A Closer Look
Many psychologists do their part to protect the environment--maybe by owning a hybrid car or recycling or avoiding harmful chemicals in their lawn care. But a fast-growing group of psychologists within APA's Div. 34 (Population and Environmental) would like to see psychologists make an even greater contribution to the preservation of our parks, natural resources and wildlife by lending their research and applied skills to an emerging area known as conservation psychology.
Conservation psychology (CP), or the study of people's connection to the natural environment, is less of a specialty area within psychology than a hub for conservation collaboration, research and outreach, say its leaders, who for the last five years have been stepping up efforts to unite researchers and social scientists under the CP banner. CP's pioneers--who include social scientists and psychologists from a range of specialty areas--modeled it after the more established field of conservation biology, which mobilizes contributions from subdisciplines of biology, ecology, genetics and other fields to preserve the environment. CP leaders hope to tap similar contributions from psychology and other social sciences to lengthen their strides toward nature conservancy.
"Environmental sustainability challenges are human behavior challenges," says Div. 34 member and conservation psychologist Gene Myers Jr., PhD, an associate professor in the environmental studies department at Western Washington University. "We are hoping that rather than being another specialty area, that [CP] is perceived as a problem area and that people in every area of psychology will contribute."
Something for everyone
Among the specific psychology subfields that CP psychologists say could contribute more to conservation research and efforts:
Industrial and organizational psychology, such as through research on the greening of industry and workplace pollution.
Health psychology, such as through research on the health benefits of connecting with nature.
Consumer psychology, such as through studies on the environmental impact of consumption and how to further curb people's consumption of gas and other resources.
"Virtually all of psychology's subdisciplines have something to say that could help us do a better job with conservation of the natural world," notes conservation psychologist and pioneer Carol Saunders, PhD, who is director of communications research and conservation psychology at suburban Chicago's Brookfield Zoo.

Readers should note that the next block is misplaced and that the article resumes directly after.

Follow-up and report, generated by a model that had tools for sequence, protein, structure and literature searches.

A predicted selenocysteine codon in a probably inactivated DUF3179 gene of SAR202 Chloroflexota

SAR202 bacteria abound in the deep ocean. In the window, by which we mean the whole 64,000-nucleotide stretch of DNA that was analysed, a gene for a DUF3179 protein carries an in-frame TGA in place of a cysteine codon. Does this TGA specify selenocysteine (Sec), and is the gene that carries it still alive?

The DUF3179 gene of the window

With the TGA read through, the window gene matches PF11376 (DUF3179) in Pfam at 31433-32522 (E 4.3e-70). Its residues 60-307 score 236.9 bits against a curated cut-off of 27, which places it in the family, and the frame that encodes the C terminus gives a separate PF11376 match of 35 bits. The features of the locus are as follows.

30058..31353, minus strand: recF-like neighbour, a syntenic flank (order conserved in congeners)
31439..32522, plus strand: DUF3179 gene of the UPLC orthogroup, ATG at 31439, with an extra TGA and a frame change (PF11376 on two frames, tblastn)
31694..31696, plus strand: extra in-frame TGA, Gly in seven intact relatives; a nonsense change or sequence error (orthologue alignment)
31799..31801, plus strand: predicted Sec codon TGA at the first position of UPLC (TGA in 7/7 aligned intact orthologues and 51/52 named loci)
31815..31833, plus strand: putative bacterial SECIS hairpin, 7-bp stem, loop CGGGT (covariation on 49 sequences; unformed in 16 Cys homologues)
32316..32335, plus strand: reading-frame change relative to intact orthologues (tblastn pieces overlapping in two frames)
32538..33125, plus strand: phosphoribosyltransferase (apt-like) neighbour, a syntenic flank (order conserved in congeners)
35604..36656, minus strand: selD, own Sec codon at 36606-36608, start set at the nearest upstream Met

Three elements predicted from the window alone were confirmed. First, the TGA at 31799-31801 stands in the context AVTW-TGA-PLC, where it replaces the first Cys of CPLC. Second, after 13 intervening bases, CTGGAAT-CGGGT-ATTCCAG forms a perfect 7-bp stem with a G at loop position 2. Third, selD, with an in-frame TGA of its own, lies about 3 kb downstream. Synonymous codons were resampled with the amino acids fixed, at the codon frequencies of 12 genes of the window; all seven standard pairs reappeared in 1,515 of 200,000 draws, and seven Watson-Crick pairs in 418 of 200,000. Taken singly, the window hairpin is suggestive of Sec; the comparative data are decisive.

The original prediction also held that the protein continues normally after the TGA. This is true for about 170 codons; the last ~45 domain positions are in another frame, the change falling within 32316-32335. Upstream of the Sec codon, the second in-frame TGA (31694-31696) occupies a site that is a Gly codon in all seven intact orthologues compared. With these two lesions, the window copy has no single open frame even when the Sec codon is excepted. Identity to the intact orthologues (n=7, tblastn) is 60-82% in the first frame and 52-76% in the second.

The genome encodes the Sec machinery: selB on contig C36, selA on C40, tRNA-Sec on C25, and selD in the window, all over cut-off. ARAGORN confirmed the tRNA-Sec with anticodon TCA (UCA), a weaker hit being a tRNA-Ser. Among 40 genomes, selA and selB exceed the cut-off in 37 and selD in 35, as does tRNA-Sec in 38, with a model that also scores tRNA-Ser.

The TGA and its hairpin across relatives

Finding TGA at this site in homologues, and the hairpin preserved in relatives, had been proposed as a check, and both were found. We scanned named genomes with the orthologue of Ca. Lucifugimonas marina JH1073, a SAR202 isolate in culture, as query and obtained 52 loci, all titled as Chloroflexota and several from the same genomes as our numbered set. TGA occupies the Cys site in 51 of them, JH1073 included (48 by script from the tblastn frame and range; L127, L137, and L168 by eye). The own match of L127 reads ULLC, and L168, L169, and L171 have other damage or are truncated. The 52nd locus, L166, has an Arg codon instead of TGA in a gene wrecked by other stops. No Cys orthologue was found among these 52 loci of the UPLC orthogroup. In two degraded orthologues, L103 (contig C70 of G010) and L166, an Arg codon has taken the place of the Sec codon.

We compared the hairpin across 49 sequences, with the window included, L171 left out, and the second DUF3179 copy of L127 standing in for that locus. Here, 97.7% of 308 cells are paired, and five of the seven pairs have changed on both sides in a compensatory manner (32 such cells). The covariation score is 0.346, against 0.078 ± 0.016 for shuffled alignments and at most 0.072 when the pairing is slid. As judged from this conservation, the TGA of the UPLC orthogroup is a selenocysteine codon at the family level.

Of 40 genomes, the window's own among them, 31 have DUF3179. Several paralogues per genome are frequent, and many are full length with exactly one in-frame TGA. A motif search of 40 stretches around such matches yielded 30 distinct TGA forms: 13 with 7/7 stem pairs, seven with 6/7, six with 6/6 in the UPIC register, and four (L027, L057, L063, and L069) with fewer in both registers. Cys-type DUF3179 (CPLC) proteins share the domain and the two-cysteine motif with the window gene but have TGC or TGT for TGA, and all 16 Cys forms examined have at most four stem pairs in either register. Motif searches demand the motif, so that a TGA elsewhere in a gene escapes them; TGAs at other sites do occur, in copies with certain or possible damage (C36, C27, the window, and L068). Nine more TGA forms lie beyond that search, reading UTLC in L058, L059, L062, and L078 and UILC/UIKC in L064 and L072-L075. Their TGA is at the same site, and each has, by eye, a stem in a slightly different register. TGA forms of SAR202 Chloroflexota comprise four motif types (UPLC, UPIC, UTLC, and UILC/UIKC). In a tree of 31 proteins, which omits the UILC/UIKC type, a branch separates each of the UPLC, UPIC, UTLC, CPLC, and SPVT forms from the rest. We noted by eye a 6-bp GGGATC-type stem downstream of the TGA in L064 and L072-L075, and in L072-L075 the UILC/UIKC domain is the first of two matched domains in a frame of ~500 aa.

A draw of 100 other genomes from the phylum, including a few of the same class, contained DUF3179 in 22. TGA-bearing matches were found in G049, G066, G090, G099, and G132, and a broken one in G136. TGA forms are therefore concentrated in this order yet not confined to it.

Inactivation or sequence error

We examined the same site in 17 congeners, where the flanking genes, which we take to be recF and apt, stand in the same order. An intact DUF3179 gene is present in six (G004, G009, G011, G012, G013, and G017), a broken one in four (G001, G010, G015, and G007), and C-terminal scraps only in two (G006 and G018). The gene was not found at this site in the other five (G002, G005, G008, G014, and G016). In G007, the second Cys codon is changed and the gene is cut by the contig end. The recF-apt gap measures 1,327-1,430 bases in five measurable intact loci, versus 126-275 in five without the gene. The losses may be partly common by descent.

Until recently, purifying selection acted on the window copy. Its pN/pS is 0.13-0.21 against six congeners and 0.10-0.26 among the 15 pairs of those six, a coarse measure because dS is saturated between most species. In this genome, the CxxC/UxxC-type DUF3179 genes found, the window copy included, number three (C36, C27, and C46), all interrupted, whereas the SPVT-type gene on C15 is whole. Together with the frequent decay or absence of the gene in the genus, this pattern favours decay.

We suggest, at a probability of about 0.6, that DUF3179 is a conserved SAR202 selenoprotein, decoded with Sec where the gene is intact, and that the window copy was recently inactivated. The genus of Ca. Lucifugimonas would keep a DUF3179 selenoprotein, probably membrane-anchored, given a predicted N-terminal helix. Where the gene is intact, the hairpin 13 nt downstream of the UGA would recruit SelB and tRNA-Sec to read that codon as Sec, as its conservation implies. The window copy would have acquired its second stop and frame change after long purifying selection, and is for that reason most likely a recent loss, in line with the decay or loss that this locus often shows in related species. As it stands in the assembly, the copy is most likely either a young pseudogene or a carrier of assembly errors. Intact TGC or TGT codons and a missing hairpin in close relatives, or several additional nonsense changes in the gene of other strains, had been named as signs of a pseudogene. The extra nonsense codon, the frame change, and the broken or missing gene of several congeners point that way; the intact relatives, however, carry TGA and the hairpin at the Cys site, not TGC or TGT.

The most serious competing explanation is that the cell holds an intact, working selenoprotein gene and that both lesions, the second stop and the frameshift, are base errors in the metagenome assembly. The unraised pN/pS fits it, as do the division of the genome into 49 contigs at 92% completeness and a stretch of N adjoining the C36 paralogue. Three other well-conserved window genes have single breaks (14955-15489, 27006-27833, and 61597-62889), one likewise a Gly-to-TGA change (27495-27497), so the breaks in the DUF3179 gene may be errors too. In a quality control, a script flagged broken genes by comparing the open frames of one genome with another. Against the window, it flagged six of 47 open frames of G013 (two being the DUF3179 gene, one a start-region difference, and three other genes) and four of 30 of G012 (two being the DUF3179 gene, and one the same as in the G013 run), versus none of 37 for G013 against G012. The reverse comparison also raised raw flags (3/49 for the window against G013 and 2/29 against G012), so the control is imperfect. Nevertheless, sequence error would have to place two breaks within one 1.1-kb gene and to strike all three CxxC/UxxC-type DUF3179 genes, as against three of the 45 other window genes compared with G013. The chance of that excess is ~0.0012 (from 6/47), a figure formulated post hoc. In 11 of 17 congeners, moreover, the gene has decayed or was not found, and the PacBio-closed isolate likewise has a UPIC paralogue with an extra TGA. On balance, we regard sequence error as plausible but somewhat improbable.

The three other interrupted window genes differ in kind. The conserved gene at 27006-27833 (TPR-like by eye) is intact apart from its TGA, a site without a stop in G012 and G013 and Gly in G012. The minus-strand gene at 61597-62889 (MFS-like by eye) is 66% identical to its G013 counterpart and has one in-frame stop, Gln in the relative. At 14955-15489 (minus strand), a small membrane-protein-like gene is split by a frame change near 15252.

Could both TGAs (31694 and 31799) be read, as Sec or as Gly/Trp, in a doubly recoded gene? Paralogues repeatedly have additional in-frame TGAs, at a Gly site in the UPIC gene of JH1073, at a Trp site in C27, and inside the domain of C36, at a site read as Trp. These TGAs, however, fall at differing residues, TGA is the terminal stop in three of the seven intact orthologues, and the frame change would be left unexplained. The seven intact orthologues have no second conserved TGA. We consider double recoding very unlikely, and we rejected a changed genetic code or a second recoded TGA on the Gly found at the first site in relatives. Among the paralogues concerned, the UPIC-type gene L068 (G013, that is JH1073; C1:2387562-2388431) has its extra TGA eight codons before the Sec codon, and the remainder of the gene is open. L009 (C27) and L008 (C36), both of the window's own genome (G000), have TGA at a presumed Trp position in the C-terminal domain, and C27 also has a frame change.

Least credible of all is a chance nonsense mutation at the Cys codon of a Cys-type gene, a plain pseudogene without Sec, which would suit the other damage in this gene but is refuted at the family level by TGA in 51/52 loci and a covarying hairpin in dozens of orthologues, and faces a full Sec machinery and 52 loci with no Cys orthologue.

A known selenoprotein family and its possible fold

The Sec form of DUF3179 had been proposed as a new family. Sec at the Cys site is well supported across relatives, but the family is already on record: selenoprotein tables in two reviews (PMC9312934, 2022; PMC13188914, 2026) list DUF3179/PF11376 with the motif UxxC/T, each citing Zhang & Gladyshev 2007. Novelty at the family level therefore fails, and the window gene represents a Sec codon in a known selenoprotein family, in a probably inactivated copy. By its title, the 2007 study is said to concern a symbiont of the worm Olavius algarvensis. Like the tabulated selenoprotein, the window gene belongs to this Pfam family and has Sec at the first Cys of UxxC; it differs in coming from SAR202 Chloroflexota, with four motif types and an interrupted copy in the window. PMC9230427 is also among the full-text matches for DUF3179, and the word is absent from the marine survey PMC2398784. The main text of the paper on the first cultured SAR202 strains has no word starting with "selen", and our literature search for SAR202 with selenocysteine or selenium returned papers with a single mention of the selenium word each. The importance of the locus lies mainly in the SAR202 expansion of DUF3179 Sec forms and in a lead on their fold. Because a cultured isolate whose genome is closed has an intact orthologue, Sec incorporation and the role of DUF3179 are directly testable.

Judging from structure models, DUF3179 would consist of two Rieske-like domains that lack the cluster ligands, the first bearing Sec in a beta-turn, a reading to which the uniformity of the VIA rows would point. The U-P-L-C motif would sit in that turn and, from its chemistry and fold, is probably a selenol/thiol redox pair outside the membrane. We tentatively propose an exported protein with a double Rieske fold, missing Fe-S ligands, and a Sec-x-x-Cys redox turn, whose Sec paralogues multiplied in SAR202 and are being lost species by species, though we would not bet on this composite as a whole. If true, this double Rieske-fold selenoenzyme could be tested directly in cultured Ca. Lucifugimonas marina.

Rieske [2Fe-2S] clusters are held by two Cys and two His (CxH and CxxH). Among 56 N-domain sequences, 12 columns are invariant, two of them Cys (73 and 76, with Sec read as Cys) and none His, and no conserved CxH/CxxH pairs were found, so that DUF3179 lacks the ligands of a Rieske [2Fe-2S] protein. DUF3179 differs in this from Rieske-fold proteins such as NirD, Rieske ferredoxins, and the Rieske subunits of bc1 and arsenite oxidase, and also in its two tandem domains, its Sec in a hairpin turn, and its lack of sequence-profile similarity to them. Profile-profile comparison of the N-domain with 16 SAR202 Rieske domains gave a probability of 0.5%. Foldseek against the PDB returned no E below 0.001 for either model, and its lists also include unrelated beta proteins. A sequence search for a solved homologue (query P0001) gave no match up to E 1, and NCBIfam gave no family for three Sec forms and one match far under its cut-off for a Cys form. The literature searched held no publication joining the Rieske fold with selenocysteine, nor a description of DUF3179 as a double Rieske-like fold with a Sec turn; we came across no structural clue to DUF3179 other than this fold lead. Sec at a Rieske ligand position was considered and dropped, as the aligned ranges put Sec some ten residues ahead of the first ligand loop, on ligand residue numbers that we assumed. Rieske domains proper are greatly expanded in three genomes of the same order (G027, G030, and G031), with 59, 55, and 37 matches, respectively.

One of the ways she and other CP leaders are working to attract psychologists from these areas and others is through a new Conservation Psychology Web site, www.conservationpsychology.org, devoted to the topic. The site includes research profiles on more than 50 conservation psychologists whose work covers a range of topics from creating park warning signs people will actually obey to encouraging recycling behavior to designing aquarium exhibits that promote conservation. Site visitors can search for researchers by state or research topic.
The site also features a link to a listserv designed to build connections between researchers and CP practitioners, such as environmental educators, parks administrators and policy-makers. These connections are an essential part of conservation psychology because natural resources and endangered species are at stake, says Saunders.
Among the researchers profiled on the Web site is College of Wooster psychology professor Susan Clayton, PhD, who along with a team of biologists from Ohio State University, has spent more than a year gathering data on what's important to people about their home landscapes and yards and how they value and care for them. She's found that while people value their yard--and invest in it--as a place to observe and appreciate nature, they don't see their home landscape as a place where they might be harming the environment.
For the most part, she says, "They aren't worried about the impact of lawn-care companies; they don't know what chemicals are being used by the company."
She and her biologist collaborators will roll her findings into a project to redesign the landscapes of several small College of Wooster campus houses to model environmentally friendly options, such as the use of native plants, environmentally sound lawn care and other green practices.
Other notable researchers featured on the site include Louise Chawla, PhD, an environmental psychologist whose work on significant life experiences has been applied at zoos and other settings to help children develop caring attitudes towards nature, and Wesley Schultz, PhD, an applied social psychologist who explores relationships between environmental values and conservation action and develops new ways to measure people's connection to nature.
Div. 34 at a glance
Members of APA's Population and Environmental Psychology division are interested in understanding human behavior as it relates to population and the relationship between human behavior and the environment. Members work on a broad array of topics, including human response to natural and technological hazards, conservation, AIDS, teenage pregnancy, environmental perception and cognition, and environmental design. The division publishes the newsletter Population & Environmental Psychology Bulletin three times a year and sponsors a member listserv for networking. For more information, visit the division Web site at http://web.uvic.ca/~apadiv34. To join, e-mail Division Secretary Susan Clayton, PhD.
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